Kechi Nomu was born in 1987. She grew up in Nigeria under two Nigerian dictatorships. Her poems have appeared in Saraba Magazine, The ANA Poetry Review, Expound Magazine, Sentinel and Brittle Paper. She writes film and theatre reviews for Olisatv. Her short stories have been workshopped at the Farafina Creative Writing Workshop and the Caine Prize Short Story Surgery. Her fiction and nonfiction have appeared online and in print.
Geosi Gyasi: Is writing for you, a calling or choice?
Kechi Nomu: Calling and choice are both very strong words. I like to think that I write because I grew up aware of words and their power. The very unsexy reason is my mother teaches literature and my father writes. He won a regional literary thing many lifetimes ago, and my parents used to taunt each other with lines from Shakespeare for the fun of it and because they thought it was a cool thing to do. This was when I was much younger. I did not always appreciate the gift that this kind of childhood was until I began to seek out books and writing on my own.
Geosi Gyasi: I am curious to know more about your father as a writer. Could you tell me anything about his writing?
Kechi Nomu: My father writes fiction. He belongs to a generation of Nigerians that had to work out a straightforward kind of opportunity cost. Writing was an unrealistic pursuit. He is retired now so he spends most of his free time writing. And he’s very protective of his flash drive in a way that is funny-cute.
Geosi Gyasi: How much of your time do you spend on poetry?
Kechi Nomu: How much time I spend on poetry is not something I’ve actively thought about, but as a person in the world, poetry is how I see, how I observe, how I mostly think about things. So, this has to be a fair amount of time, I think.
Geosi Gyasi: How did you first hear about the Brunel International African Poetry Prize?
Kechi Nomu: I’m not sure now. Very likely from my Facebook or Twitter timeline.
Geosi Gyasi: You’re a beneficiary of literary workshops. How impactful are literary workshops to the budding poet?
Kechi Nomu: I don’t know that there is a definitive way to talk about the impact of literary workshops for the writer in general or the budding poet specifically, beyond the fact that workshops do what workshops are meant to do. They can be great places to find community, get feedback on your writing and improve your reading. In this way, I find that these opportunities have been very valuable to me as a writer.
Geosi Gyasi: Personally, what do you think are your chances of winning this year’s Brunel International African Poetry Prize?
Kechi Nomu: Geosi, I’d love to win the Brunel International African Poetry Prize this year. It is a strong shortlist so winning the prize would be really nice.
Geosi Gyasi: Is writing for you, a calling or choice?
Kechi Nomu: Calling and choice are both very strong words. I like to think that I write because I grew up aware of words and their power…
Geosi Gyasi: You seem to pay close attention to detail with your poetry. Why is that so?
Kechi Nomu: The poems that I continue to go back to are poems that seem to pay attention to what is said and the music of how it is said, all of this done with an economy of words that I find beautiful. In this moment, I’m thinking of Agostinho Neto’s Kinaxixi, Ocean Vuoug’s On Earth We Are Briefly Gorgeous, Adrienne Rich’s In Those Years, Lola Shoneyin’s Distance, Lydia Kasese’s The Science of Nail Polish and Zainabu Jallo’s Dear Inner Man. What these poems do is something I’m constantly trying to approximate.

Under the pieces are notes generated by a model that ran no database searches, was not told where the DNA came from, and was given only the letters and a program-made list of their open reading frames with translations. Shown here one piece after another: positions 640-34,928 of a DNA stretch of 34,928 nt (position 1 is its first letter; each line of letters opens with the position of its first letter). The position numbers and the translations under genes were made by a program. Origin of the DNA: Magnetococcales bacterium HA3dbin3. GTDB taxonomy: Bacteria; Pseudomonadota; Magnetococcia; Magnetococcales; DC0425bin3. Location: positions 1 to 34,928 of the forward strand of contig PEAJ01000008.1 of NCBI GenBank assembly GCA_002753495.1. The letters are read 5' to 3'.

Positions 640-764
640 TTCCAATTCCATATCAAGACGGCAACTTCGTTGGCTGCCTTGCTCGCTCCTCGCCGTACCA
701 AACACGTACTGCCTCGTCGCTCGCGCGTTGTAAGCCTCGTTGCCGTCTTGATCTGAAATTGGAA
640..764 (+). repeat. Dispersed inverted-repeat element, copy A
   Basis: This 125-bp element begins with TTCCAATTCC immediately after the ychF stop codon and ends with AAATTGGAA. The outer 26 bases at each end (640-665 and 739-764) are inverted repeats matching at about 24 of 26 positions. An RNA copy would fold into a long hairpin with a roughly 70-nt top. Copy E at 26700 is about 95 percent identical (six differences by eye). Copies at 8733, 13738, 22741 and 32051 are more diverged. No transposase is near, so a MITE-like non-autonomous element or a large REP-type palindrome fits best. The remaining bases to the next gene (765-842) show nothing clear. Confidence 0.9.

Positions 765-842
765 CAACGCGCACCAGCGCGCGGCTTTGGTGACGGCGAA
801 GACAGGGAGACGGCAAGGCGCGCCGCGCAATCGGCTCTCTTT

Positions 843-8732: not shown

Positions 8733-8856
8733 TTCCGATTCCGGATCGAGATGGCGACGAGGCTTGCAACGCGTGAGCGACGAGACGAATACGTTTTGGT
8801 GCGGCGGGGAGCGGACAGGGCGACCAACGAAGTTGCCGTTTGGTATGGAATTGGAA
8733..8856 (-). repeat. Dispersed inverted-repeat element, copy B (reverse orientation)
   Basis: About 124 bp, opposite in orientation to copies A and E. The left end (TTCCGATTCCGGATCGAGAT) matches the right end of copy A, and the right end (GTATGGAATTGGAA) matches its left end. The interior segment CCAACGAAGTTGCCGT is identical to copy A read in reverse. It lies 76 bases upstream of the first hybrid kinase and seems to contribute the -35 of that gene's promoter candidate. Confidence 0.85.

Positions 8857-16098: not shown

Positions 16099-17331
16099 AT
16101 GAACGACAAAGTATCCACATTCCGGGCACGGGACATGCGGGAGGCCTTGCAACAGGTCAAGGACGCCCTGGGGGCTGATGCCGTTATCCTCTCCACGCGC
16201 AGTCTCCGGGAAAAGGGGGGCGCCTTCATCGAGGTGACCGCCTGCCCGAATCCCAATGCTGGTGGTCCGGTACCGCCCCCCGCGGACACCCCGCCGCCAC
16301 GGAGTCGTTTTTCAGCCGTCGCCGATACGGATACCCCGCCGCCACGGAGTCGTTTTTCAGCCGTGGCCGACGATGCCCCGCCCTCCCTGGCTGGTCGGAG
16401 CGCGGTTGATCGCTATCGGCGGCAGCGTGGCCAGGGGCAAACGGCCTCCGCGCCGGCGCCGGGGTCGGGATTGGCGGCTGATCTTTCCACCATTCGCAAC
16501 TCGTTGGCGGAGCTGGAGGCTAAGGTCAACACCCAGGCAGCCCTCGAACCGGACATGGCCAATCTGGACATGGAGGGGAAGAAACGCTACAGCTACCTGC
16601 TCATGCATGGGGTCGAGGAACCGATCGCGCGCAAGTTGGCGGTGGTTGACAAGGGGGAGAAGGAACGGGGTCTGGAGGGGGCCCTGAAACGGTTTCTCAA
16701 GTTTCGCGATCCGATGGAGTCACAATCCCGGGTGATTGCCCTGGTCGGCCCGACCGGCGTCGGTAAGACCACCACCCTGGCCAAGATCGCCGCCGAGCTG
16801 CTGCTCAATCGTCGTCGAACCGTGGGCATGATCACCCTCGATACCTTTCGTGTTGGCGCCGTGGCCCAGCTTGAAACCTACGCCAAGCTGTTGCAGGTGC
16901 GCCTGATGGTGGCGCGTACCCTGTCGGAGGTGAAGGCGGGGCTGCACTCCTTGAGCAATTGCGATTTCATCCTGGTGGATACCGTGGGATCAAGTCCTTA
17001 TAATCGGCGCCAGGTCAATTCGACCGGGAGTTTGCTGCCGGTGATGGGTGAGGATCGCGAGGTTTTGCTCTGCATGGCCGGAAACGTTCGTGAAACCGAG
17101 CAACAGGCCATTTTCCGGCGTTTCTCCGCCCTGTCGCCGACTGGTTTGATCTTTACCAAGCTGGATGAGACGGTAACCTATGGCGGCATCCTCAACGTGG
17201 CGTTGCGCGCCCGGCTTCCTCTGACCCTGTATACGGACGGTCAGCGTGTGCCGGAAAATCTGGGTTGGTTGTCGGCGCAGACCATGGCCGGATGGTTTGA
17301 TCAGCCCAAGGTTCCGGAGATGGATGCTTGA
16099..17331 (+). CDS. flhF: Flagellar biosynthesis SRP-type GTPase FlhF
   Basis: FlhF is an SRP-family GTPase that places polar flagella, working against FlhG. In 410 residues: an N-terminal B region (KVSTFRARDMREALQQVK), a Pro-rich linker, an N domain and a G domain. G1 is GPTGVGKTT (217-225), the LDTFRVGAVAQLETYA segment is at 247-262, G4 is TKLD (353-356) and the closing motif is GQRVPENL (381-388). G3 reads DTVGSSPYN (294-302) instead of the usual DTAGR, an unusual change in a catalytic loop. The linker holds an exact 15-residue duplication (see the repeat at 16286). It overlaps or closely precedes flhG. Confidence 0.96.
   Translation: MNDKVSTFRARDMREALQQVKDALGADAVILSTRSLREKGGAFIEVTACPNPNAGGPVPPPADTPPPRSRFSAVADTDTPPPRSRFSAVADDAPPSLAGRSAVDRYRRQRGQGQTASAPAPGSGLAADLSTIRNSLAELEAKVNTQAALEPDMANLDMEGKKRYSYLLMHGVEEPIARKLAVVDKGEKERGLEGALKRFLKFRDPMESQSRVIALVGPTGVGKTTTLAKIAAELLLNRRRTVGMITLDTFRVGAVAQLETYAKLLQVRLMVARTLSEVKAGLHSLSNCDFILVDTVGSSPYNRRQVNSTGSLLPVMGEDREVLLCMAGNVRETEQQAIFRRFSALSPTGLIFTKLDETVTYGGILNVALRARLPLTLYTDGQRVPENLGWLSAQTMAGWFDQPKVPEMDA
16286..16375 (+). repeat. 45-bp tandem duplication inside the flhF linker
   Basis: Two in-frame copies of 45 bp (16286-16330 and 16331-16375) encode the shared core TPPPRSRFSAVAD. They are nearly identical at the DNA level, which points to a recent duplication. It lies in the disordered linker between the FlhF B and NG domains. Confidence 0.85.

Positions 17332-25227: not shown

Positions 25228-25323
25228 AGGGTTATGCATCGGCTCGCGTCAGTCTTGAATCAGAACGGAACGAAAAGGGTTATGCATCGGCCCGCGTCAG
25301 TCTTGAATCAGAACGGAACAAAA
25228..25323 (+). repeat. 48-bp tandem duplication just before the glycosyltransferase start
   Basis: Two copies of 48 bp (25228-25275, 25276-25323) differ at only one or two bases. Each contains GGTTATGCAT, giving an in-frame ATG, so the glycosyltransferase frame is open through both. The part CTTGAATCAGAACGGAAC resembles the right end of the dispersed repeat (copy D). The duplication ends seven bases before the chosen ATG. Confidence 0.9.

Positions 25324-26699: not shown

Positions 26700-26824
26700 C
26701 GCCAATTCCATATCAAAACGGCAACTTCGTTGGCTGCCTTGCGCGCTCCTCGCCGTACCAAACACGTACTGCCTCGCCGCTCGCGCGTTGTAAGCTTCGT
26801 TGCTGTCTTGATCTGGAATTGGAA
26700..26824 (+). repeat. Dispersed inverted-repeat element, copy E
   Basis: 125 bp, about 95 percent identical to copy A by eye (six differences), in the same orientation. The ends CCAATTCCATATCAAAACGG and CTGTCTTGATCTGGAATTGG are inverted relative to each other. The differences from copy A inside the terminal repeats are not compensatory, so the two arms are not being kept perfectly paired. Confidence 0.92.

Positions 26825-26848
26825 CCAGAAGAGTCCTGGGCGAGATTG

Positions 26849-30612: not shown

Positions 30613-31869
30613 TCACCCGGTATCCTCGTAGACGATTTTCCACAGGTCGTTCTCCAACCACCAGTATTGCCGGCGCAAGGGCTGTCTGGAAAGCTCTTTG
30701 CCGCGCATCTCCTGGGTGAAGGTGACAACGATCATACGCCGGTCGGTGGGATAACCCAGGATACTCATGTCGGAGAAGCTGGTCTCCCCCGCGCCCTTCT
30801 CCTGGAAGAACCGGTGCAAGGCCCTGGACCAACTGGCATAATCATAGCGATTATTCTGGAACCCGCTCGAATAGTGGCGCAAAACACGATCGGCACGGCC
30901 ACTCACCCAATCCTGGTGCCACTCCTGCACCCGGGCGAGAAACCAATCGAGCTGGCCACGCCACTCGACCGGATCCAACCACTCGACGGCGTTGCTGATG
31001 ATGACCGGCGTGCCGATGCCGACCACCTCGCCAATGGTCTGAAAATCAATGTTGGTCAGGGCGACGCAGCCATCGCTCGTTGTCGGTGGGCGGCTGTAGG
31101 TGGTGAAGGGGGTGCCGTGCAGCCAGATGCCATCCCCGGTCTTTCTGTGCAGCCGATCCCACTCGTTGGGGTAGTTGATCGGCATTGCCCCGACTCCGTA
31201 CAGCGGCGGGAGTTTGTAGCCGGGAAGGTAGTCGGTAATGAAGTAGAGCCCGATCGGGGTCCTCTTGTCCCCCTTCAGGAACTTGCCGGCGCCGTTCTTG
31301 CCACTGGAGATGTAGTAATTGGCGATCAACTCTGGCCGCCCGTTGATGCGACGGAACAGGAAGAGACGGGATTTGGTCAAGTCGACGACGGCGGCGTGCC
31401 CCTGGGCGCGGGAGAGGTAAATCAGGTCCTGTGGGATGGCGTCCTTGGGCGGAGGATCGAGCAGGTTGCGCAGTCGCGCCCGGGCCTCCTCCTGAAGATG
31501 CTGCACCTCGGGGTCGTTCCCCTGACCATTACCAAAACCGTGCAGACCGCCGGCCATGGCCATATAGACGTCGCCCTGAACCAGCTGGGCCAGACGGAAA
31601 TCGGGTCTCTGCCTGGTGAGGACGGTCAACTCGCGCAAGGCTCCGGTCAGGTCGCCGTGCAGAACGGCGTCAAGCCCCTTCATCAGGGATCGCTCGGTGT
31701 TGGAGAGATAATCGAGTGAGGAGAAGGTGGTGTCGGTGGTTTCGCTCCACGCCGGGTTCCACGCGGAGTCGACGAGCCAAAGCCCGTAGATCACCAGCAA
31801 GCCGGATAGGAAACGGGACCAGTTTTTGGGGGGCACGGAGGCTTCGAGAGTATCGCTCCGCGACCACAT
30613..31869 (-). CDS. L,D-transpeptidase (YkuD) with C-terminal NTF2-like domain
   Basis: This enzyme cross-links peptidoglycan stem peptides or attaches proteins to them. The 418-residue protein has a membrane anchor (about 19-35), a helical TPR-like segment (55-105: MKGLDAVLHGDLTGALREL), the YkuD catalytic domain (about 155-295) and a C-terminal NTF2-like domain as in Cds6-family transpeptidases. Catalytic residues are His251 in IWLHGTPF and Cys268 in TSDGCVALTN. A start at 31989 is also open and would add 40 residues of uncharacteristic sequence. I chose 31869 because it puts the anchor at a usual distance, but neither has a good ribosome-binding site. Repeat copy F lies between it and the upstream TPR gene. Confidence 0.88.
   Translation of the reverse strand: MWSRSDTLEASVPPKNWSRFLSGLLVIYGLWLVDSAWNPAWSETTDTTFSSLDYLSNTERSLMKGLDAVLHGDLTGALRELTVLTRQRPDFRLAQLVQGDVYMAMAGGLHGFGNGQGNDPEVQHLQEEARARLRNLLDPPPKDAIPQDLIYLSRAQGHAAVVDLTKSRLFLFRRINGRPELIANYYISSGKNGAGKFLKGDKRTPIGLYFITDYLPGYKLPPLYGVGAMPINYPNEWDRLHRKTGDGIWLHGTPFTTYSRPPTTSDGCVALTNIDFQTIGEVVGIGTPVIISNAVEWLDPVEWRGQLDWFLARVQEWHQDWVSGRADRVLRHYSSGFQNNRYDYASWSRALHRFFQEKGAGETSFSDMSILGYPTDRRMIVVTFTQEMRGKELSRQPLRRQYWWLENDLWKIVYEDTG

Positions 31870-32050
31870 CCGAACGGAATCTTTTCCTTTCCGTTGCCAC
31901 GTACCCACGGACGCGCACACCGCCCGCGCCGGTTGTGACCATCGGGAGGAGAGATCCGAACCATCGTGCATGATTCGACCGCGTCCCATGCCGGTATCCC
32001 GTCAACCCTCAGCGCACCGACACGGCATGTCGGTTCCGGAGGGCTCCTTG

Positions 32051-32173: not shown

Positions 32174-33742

Or, it could just be that writing poems this way is my calling. Lol.
Geosi Gyasi: What specific work do you do at Olisatv?
Kechi Nomu: I work as an editor and then I write culture reviews.
Geosi Gyasi: Tell me specific experiences you encountered under Nigerian dictatorship?
Kechi Nomu: I’m very interested in the ways that transitions occur and how people function within transitions, particularly within man-made disruptions like coup d’etats and the dictatorships that keep them in place. I think of my experience and the experiences of the people I know intimately in terms of how we moved between these realities time-wise. The effect that this had and continues to have on us in ways that we are not always ready to account for.
We talk it publicly. There have been books and films and national panels that we have had to confront too. But, it is more the ways we permit ourselves to talk about it in our personal spaces. How we might say, for instance, when we talk about the dictatorships: this regime and that regime, which one was worse? But what we are really saying is: Which one dehumanised us more? Which one made us lesser versions of ourselves? What we completely avoid is: What did we do with these selves going forward?
I spend a lot of my time thinking about this way that we attempt to quantify these unquantifiable things and weigh them side by side as a way to permit ourselves acceptance. These stories about ourselves (on a personal level and at the level of the community) that we are not willing claim for the various reasons that we are not willing to claim them.
Geosi Gyasi: What idea kick-started your poem, “Note to the Boy Kicking the Stone”?
Kechi Nomu: “Note to the Boy Kicking the Stone” began as a love letter of sorts to boyhood. I was for a long time preoccupied with this image of the boy, the road, the stone and just the ways that the last two can be such agents of psychological transformation. This picture of a boy kicking a stone in my mind became a point of connection between innocence and the loss of innocence. Between the boys we know and the strangers they become. I have also, for a while, been thinking about the under-examined and over-examined ways that people who share connections continue to exist in each other’s spaces as they acquire those unavoidable human things: baggage.